It was clear that by breaking the coalition with the PDP in Jammu and Kashmir, the BJP wanted to please the hardcore hindutva constituency in the country (‘Second among equals’, July 1). But, to say that Mehbooba Mufti did not utilise the Centre’s assistance for development work in the state is just an excuse. The BJP was desperate to leave the alliance, which, in the first place, was of convenience.
The decision to leave was more of a political one. Even if Rajnath Singh had received positive reports from the security agencies in Kashmir, the Central leadership of the BJP would have decided to end the alliance in the state.
Now, I am sure there is going to be all out offensive operations against militants in the valley. Security forces will be given a free hand. The work has already begun.
In spite of Singh’s best efforts to bring peace and development to the valley, the BJP-PDP alliance in Kashmir did not last long. The politics of religion, and the hate campaigns by separatists and militants, assumed disturbing proportions during Ramzan. Scaling up operations in the valley can only worsen the situation.
The interview with Singh, and the other articles in your cover story, made an interesting read. The Centre gave a long rope to the PDP to help improve the situation in the valley. The state government was expected to bring the misguided and wayward radical elements into the mainstream.
Even the ceasefire during Ramzan was not reciprocated by separatists and militants.
The parting of ways was inevitable, I thought. But, the PDP for sure was taken by surprise by the BJP’s decision.
The BJP’s inconsistency in dealing with internal and external policies has harmed the nation. The Centre’s announcement of ceasefire during Ramzan backfired. Allowing the militants to capitalise on it during the window period and, at the end of it, suddenly breaking the alliance with the PDP, were flawed strategies by the BJP.
Now that Jammu and Kashmir is under governor’s rule, the Union government should go for the kill! The Army should escalate its operations and eliminate all terrorists in the valley with no second thought.
Barkha Dutt, in her impassioned and reasoned plea, in the backdrop of the more-than-smouldering situation in Jammu and Kashmir, put forward ten commendable points that need to be given serious thought even when agreeing to disagree with any of them. Her appeal to political parties for a national consensus on the Kashmir issue, eschewing partisan politics, is worth adopting.
After going through Dutt’s article, many readers may wonder whether she wanted to wound them by not suggesting even a single remedy to solve the problems of Kashmiris. She states that a national political consensus is needed to frame a Kashmir policy, but fails to indicate a proper outline of various aspects on which consensus are needed.
Thereafter, she says denials about the gravity of the situation need to end. One wonders which political party denies that the situation in Kashmir is not grave.
Dutt says to end the myth that education is an antidote to militancy. Once again, readers may wonder whether there is any trace of militancy in the highly educated areas of the world.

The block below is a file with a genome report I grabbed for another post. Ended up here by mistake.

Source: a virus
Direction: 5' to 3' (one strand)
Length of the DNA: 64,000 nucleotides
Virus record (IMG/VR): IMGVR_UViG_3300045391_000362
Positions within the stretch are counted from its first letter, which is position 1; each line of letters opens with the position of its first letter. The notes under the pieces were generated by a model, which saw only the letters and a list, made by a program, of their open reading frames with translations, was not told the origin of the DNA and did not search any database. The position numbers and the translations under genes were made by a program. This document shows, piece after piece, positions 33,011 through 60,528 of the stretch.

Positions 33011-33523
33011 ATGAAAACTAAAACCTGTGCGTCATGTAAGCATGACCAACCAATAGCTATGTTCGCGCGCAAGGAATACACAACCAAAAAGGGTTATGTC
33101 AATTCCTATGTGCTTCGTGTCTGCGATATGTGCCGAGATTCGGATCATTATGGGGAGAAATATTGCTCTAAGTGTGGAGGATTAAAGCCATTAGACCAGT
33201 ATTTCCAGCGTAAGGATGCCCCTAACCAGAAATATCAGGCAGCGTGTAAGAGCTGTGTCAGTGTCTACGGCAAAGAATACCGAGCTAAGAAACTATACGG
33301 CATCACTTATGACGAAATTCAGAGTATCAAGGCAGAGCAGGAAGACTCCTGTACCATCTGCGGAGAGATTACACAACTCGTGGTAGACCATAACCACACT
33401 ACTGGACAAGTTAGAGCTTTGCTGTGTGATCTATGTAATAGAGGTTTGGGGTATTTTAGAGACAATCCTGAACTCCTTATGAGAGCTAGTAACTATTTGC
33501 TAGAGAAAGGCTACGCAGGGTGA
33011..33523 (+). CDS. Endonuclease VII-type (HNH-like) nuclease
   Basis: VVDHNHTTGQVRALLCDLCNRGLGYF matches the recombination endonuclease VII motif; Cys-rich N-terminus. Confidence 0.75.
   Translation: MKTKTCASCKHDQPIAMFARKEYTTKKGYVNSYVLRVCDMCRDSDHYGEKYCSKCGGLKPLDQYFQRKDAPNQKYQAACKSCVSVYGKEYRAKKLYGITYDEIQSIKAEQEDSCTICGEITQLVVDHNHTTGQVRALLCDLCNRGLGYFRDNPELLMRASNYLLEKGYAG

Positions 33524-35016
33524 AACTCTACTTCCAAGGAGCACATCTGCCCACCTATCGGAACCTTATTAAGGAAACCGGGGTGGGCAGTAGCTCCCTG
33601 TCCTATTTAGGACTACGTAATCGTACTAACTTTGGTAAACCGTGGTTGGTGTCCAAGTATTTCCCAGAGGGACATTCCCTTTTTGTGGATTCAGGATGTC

Everything that Dutt has raised in her write-up raises a simple question. Why pretend one is an expert political analyst?
We are wise
Anita Pratap has tried her level best to convince the readers with the jugglery of words and gymnastic of logic that jails, not Islam, are responsible for global Islamic terrorism (‘Soundbite’, July 1). Pratap can go on kidding, but the readers are wise enough to see through her desperation to force-feed her wild prejudice into their brains.
Her frantic effort to prove her politically correct narrative by quoting some unknown, if not dubious, French political scientist, is really laughable, if not condemnable.
Whether we like it or not, we have to accept the globally prevailing fact that Islamic terrorism is the greatest threat to peace and security in the world.
Pratap and her ilk are trying to befool us by such perverse reasoning. They are trying to hide and distort truth. But they cannot defend the indefensible. While we must respect all religions and accept their good points, we must trace out and recognise the evil in them.
Muslim clerics and scholars, throughout the world, who are the real lovers of Islam, must introspect on why Islam has been breeding terrorism through ages. Why the rich, prosperous and the highly educated are brainwashed to become terrorists?
Islam must reform and refine itself through its clerics and scholars, and adjust itself to the concepts and values of democracy, liberalism, secularism and tolerance.
Imran Khan, after a long wait, could become the next prime minister of Pakistan (‘Doctored pitch’, July 1). His party is slowly gaining strength. A lot of people have started projecting Khan as the messiah of Pakistan, and rightly so.
Khan has been working hard in the past few years, and it will reflect in the elections. The next five years are crucial for Pakistan, and Khan, if elected, will have to take some bold decisions.
Manjrekar is right
Sanjay Manjrekar has beautifully described Japan in his column (‘Last word’, June 24). I have had the good fortune of visiting Japan a few times in the eighties and nineties, and I endorse every word Manjrekar has said about life and culture in Japan.